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Best Zero Percent Balance Transfers (February 2011)

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The offers on this page are out dated, you can find the latest news on the best zero balance transfers here.

Once a month, every month, I’ll be providing an update on the “state of the balance transfer” on the first Thursday of the month. With the credit crisis abated and the economy recovering, a lot of credit card companies are resuming their credit card offers, including the once prominent 0% balance transfer. In these monthly posts, I’ll keep you apprised on how the landscape has changed in the last month along with a look at some of the more prominent cards in each category.

In the last month, we’ve seen the introduction of a lot of cards with longer 0% APR periods. We’ve even seen Discover bring in a card with no balance transfer fee, a staple during the housing boom but something that has fallen out of favor as of late.

Your typical trade-offs are still there – longer 0% period or lower balance transfer fee? Discover has a 5% fee but a 24 month 0% APR period but Citi has a lower fee but only an 18 month 0% APR period. The right card for you depends on your balance and how quickly you think you can pay it off.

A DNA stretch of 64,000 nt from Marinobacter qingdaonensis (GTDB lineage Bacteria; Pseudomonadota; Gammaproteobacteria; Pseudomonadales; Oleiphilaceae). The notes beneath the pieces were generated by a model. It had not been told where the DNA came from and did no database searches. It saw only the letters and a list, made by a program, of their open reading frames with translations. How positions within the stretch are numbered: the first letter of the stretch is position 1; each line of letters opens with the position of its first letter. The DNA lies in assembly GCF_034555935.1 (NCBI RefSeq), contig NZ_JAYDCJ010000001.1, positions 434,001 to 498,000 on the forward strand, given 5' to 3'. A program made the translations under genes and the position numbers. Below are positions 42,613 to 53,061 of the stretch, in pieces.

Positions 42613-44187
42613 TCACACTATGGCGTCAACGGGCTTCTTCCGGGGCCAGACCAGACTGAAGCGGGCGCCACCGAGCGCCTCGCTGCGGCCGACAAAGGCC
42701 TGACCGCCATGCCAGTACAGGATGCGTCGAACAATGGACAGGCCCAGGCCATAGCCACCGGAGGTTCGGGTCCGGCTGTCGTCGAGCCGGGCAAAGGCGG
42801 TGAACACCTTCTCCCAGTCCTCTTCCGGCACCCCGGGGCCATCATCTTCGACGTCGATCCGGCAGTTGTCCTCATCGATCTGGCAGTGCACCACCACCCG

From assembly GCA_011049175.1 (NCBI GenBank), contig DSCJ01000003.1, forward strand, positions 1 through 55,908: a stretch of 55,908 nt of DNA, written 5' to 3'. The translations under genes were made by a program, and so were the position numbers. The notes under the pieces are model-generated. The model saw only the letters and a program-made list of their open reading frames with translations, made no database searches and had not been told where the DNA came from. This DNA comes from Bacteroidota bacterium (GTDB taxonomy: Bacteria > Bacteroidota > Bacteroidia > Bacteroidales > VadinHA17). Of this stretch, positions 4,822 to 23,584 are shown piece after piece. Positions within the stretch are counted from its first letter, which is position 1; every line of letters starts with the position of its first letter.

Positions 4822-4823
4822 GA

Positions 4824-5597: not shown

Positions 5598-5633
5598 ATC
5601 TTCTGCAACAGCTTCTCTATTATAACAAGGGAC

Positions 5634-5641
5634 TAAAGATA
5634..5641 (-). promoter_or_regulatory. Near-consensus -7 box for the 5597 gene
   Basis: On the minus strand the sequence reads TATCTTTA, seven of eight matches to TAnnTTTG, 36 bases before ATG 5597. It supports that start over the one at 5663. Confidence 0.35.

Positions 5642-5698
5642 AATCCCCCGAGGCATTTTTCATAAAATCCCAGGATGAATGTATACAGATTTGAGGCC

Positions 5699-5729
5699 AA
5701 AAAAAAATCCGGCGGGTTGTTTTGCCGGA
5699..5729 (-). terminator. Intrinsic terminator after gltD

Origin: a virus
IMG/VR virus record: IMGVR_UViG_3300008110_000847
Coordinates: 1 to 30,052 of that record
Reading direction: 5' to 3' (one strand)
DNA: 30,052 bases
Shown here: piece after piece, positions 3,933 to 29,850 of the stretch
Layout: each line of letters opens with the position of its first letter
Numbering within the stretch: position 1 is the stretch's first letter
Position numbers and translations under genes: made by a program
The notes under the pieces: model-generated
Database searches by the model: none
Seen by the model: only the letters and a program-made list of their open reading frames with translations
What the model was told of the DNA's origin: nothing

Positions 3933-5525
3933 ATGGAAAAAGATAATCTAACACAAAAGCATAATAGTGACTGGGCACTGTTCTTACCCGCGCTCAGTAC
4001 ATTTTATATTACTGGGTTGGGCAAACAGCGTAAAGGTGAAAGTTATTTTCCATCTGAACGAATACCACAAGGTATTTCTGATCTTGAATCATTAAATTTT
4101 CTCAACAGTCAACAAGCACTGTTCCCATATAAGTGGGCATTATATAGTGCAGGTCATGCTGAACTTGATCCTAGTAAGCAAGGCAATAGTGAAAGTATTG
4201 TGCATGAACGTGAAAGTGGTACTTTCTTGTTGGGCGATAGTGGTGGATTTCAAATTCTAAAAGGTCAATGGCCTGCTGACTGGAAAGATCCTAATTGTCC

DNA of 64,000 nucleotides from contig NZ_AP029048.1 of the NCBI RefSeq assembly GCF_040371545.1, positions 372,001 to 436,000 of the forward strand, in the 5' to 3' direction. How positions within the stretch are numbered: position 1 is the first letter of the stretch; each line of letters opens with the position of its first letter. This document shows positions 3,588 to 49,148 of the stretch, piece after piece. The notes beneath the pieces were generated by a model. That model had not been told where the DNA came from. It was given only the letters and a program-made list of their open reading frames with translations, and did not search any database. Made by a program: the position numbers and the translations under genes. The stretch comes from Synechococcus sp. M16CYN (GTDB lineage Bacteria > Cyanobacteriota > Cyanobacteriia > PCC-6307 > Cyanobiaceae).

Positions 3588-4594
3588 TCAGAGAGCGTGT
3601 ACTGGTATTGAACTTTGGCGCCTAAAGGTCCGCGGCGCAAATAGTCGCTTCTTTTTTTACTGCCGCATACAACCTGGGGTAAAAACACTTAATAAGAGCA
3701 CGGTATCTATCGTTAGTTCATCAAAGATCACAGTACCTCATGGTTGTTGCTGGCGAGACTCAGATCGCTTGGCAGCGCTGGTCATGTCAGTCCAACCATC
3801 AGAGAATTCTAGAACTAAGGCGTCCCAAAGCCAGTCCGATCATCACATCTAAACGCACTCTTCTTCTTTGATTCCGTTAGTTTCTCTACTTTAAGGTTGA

No Balance Transfer Fee

Discover® More Card - No Balance Transfer FeeAs far as I know, the only major credit card that’s offering a 0% balance transfer with no balance transfer fee is this Discover More Card. Not only do you get a 0% balance transfer for 12 months but you also get 0% introductory APR for 12 months on purchases, along with no balance transfer fee for a transfer made under this offer and with this application. This card is also part of the 5% Cashback Get More program and there is no annual fee.

  • Limited Time – No Balance Transfer Fee
  • Promotion only valid through February 28, 2011
  • 0% intro APR on balance transfers for 12 months, then the Regular APR
  • 0% intro APR on purchases for 12 months, then the Regular APR
  • 5% Cashback Bonus® in categories that change like travel, gas, groceries, restaurants, home improvement stores and more
  • Up to 1% unlimited Cashback Bonus on all other purchases
  • No Annual Fee

Longest 0% Balance Transfer Period